Services available at City Hall
- Meeting Room: Board and Commission meetings
- First Floor:
- Building Department: building permits and code/ordinance enforcement
- Finance and Accounting
- City Manager's Office
- Human Resources
- Planning and Development: zoning, site plans, redevelopment
Old City Halls
The current city hall had a facade known as the "cheesegrater".
In 1912, City Hall moved to the Quirk House, at 304 N. Huron Street, built for Daniel Quirk, founder of the Peninsular Paper Company in the 1860s, and donated to the City by his son. More information on this building can be found at: http://www.ypsilanti.org/downtown2.htm
The current City Hall building was constructed in 1877 by the Ypsilanti Savings Bank. The building was renovated in the mid-20th century, in what many consider to be an act of architectural vandalism - the peaked and turreted roof was torn off, and a metal facade attached, which has become unfondly known as "the cheese grater". In 1976, the Bank moved to the newly constructed 301 W. Michigan Avenue, now the Key Bank Building, and the City purchased 1 S. Huron. In 1999, the cheese grater was removed and $1.5M in facade renovations were done as part of a program of downtown architectural rehabilitation.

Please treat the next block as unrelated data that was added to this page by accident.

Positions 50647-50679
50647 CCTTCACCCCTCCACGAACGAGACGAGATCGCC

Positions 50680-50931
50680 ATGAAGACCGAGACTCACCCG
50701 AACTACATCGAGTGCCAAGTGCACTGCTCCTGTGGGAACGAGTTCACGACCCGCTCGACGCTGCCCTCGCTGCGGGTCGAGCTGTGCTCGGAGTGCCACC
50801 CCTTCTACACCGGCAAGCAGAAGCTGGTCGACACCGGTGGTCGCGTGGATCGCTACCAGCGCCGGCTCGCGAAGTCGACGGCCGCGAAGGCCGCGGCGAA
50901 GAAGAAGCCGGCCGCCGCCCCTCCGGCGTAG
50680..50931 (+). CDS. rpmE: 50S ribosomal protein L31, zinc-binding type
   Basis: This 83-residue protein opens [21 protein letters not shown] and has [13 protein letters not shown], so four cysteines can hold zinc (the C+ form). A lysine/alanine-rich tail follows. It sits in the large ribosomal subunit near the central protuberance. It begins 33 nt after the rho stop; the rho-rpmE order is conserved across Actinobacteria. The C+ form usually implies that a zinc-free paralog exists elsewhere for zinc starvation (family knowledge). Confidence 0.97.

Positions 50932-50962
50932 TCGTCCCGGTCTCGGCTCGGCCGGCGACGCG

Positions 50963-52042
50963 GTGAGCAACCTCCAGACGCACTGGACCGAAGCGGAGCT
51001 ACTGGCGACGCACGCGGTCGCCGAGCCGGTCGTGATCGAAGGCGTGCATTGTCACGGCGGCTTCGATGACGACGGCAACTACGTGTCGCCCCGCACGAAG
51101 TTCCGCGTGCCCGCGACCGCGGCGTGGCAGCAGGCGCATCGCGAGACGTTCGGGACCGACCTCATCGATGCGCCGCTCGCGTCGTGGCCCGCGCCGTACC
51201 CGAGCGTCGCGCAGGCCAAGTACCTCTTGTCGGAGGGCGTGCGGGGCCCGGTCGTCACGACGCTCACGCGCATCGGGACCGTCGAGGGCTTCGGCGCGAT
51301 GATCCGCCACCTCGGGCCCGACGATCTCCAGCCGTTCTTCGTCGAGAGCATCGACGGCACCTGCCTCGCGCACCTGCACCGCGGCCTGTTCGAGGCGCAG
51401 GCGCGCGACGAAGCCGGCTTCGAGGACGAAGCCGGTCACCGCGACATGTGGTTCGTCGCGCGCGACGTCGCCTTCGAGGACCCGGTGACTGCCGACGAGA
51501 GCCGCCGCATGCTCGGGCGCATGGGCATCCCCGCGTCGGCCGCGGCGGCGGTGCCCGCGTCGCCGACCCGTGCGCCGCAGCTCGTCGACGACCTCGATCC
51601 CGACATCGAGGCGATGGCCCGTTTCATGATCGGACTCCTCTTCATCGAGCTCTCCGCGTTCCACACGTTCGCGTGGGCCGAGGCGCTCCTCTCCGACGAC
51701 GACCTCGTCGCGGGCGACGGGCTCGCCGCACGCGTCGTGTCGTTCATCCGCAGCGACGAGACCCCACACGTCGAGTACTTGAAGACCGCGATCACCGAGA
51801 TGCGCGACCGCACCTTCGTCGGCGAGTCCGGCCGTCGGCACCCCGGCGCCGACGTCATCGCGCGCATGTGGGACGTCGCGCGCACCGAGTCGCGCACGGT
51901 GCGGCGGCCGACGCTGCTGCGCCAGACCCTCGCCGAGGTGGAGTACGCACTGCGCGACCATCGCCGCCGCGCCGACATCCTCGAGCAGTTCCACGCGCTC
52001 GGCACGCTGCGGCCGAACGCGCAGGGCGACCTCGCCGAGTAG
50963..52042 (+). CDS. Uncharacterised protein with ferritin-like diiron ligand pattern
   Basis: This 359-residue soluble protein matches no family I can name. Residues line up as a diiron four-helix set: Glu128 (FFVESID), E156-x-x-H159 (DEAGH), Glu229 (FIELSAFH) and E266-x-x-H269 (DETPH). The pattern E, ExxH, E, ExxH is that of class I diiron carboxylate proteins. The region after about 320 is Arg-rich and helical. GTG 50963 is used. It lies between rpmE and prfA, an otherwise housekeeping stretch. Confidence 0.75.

The Fall 2005 issue of the Ypsilanti Historical Society's publication "Gleanings" includes further information on the current City Hall building, including pictures of various incarnations: http://www.ypsilantihistoricalsociety.org/publications/fall2005.pdf